How can we tackle decarbonisation of heating in existing homes?

Former Community Member
Former Community Member
Today’s best in class building and heating technologies provide many answers to the question – how will we tackle decarbonisation of heating in existing homes? Read our blog and comment below to let us know how we can embrace ‘best practice’, become an expert at it, and tell everyone that ‘good enough’ isn’t good enough anymore.

Parents
  • As others on here have said the real problem is Britain's housing design and expectations. Individual houses with solid or possibly cavity walls are not a good start.  If you look at the continental building styles, especially in the colder lands, multiple occupancy homes are the norm. This immediately reduces the surface area to volume ratio. Our apartment has two external surfaces. The other 4 surface are 'insulated' by other apartments.


    The structure is usually a mixture of brick and concrete (wood in some areas) with a thick external layer of insulation (20-30cm) and then a hard waterproof skin. This allow the heavy structure to act as a heat buffer (in summer and winter)


    Heating is usually by a wood or oil fired boiler serving all the apartments or sometimes a link to  a district heating scheme. A bigger boiler is generally more efficient, once again a better surface area to volume ratio.


    How could we acheive something like this in Britain? Could we move peoples mindsets away from my home is my castle? Could we change the various building regulations to encourage an efficient build?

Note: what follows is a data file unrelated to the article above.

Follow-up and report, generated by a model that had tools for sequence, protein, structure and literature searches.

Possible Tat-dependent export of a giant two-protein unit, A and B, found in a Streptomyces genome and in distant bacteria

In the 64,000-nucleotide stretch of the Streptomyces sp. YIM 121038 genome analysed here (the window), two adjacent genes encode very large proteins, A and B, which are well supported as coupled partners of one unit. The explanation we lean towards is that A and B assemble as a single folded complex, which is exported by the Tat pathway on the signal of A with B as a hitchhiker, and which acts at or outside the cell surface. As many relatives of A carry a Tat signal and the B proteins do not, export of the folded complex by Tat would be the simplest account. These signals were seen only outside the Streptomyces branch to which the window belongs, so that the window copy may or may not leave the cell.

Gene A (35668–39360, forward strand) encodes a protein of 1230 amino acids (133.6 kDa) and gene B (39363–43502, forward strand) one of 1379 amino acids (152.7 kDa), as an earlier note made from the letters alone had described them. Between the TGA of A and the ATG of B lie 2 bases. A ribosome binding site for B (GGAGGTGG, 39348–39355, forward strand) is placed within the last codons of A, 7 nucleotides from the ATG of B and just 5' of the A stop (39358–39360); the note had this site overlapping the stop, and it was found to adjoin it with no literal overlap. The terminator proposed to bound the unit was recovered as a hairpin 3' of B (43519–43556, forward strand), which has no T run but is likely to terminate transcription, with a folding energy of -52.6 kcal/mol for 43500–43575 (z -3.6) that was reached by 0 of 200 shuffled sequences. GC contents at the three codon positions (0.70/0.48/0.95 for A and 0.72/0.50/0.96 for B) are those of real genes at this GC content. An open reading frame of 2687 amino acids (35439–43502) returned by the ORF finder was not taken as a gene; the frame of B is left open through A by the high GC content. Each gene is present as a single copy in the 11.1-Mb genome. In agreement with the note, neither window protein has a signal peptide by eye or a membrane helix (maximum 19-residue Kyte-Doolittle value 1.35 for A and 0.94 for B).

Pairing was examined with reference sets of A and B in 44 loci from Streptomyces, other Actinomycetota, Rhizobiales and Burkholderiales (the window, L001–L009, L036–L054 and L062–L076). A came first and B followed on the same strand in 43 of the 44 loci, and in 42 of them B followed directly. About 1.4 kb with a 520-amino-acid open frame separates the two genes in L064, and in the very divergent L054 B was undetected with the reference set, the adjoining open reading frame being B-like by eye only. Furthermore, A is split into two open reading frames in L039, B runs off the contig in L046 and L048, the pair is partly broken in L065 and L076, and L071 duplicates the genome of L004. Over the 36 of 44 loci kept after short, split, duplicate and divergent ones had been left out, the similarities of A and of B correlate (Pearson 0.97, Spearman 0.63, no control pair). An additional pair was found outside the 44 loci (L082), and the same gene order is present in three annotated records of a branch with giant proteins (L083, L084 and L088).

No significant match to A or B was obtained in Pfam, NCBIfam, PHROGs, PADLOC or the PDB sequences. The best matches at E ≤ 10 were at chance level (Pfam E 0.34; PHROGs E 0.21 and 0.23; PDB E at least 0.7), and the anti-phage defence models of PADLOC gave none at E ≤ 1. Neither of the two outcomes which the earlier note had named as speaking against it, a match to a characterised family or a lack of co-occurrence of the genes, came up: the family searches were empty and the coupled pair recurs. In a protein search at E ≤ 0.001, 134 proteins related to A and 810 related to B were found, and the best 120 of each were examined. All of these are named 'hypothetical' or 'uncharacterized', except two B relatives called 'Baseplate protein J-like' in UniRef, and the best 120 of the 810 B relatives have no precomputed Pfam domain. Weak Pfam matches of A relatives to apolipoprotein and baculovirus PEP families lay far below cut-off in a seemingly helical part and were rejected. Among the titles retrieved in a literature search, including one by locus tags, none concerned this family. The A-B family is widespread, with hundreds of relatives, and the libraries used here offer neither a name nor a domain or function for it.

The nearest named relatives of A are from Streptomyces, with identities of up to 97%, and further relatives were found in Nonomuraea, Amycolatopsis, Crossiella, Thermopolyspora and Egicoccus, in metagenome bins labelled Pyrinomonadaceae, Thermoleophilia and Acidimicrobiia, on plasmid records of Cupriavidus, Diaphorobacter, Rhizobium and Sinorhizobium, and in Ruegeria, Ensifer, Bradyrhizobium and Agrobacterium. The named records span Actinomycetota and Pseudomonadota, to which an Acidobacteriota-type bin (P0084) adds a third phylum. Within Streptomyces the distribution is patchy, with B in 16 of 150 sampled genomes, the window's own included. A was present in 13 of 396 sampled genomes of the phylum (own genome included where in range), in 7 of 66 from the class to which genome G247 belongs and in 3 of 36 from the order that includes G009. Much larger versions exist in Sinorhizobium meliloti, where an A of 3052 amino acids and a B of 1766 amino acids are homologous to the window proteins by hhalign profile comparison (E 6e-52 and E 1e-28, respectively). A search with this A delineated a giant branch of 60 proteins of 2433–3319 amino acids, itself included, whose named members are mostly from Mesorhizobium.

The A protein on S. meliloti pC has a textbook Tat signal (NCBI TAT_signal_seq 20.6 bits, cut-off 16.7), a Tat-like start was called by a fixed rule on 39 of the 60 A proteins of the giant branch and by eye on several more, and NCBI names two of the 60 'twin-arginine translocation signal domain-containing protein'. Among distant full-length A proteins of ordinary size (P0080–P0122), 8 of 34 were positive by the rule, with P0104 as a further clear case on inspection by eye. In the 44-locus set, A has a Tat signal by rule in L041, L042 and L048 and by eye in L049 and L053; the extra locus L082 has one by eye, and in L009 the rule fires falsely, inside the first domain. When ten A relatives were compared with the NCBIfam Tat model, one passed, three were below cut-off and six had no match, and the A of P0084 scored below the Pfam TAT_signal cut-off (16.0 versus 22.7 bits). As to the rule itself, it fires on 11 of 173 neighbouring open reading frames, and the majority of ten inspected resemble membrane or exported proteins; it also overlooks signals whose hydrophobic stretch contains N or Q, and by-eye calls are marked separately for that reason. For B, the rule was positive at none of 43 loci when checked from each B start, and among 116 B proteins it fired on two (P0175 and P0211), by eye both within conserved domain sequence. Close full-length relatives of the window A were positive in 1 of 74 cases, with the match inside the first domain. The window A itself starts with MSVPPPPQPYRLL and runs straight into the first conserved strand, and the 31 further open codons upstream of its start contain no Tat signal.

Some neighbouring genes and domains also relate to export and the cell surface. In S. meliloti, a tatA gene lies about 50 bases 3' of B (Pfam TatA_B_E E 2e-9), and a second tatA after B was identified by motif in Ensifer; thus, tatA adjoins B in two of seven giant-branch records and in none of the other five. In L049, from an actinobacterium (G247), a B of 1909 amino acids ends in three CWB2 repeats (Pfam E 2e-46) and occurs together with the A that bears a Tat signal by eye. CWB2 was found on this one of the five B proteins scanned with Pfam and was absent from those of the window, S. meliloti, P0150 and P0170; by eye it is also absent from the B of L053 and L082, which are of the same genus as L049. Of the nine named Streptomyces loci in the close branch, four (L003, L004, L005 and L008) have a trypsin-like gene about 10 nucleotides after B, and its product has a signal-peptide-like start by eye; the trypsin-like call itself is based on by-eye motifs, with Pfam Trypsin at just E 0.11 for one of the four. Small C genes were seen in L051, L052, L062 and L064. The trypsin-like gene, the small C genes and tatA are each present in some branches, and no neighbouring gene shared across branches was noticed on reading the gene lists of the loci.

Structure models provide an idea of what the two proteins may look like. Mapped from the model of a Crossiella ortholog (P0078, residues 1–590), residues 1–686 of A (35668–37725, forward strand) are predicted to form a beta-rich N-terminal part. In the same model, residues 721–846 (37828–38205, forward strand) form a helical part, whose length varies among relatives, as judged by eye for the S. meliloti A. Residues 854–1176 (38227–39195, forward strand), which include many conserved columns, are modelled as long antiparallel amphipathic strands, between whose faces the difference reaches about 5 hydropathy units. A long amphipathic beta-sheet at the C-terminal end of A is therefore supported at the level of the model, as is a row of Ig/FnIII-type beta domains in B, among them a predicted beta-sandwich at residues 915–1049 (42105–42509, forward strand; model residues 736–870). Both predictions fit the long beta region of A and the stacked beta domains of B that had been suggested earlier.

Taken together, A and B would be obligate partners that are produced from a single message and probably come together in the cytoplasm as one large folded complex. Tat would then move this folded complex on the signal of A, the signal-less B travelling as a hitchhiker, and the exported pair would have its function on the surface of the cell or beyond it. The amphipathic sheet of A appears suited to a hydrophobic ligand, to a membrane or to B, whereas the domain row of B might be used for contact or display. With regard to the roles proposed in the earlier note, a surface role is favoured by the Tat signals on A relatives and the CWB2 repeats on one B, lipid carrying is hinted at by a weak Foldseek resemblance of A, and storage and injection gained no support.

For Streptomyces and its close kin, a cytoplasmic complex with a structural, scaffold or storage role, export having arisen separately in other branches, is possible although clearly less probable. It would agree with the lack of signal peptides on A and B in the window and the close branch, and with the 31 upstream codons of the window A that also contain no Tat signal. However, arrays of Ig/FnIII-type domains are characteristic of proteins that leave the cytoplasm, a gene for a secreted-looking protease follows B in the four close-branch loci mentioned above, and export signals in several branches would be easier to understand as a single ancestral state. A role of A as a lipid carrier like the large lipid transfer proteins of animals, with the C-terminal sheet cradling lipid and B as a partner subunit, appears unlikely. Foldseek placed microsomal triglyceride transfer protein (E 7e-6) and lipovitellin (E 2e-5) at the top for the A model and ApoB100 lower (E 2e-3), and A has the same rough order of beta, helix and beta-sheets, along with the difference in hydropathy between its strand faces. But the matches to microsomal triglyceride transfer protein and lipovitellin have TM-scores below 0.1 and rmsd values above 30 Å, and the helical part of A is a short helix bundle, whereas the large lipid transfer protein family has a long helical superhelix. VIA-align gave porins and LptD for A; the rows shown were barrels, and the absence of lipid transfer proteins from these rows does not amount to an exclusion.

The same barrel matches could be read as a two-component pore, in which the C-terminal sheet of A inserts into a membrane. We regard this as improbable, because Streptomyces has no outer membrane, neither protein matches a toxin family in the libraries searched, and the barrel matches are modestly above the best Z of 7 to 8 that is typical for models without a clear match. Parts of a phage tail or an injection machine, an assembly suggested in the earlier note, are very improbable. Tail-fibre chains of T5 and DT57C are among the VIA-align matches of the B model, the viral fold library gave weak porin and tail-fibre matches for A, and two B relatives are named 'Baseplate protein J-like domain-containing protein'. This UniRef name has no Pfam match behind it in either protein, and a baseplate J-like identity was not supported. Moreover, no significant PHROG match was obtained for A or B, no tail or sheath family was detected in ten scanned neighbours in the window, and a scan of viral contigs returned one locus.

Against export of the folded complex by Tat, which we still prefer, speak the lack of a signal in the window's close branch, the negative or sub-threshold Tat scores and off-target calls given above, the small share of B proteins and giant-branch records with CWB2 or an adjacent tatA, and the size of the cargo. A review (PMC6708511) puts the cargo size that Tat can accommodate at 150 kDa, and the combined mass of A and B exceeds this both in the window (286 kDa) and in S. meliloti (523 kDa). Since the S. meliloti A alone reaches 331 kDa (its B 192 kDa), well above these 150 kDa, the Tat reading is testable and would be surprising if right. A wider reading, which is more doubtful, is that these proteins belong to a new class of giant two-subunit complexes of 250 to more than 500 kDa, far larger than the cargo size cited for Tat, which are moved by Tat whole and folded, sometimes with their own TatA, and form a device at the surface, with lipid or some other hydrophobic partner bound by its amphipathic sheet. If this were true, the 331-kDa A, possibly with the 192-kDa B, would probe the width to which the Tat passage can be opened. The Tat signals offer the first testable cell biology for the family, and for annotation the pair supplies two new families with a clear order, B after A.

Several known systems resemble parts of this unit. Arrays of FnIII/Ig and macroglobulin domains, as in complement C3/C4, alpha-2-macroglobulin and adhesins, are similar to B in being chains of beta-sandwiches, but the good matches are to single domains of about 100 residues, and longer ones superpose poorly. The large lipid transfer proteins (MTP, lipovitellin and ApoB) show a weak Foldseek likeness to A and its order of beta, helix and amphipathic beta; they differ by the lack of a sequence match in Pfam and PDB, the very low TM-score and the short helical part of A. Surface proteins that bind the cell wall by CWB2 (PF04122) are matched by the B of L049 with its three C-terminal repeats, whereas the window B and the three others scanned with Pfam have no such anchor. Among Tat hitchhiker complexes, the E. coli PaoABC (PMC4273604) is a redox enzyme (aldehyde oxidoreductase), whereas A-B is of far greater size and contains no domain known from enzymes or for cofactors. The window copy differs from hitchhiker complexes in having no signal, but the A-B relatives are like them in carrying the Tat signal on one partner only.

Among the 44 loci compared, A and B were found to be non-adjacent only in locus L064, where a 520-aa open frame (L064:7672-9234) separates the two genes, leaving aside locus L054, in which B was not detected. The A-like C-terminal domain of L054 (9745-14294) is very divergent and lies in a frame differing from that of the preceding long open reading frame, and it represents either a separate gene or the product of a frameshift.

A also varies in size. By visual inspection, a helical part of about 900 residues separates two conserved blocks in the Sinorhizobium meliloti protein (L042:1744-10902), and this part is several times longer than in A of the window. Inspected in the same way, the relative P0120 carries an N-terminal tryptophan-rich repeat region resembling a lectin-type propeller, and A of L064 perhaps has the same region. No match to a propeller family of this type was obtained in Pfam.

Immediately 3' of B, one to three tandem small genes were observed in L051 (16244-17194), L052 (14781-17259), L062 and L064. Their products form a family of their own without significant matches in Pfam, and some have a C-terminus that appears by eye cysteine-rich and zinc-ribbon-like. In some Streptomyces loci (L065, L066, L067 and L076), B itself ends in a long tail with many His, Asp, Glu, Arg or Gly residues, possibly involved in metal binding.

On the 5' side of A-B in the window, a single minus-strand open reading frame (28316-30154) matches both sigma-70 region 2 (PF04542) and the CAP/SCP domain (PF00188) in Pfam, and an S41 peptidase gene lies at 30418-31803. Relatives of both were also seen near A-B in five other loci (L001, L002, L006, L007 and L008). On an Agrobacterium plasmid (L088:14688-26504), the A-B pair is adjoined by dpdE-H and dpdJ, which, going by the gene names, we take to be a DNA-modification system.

Reply
  • As others on here have said the real problem is Britain's housing design and expectations. Individual houses with solid or possibly cavity walls are not a good start.  If you look at the continental building styles, especially in the colder lands, multiple occupancy homes are the norm. This immediately reduces the surface area to volume ratio. Our apartment has two external surfaces. The other 4 surface are 'insulated' by other apartments.


    The structure is usually a mixture of brick and concrete (wood in some areas) with a thick external layer of insulation (20-30cm) and then a hard waterproof skin. This allow the heavy structure to act as a heat buffer (in summer and winter)


    Heating is usually by a wood or oil fired boiler serving all the apartments or sometimes a link to  a district heating scheme. A bigger boiler is generally more efficient, once again a better surface area to volume ratio.


    How could we acheive something like this in Britain? Could we move peoples mindsets away from my home is my castle? Could we change the various building regulations to encourage an efficient build?
Children
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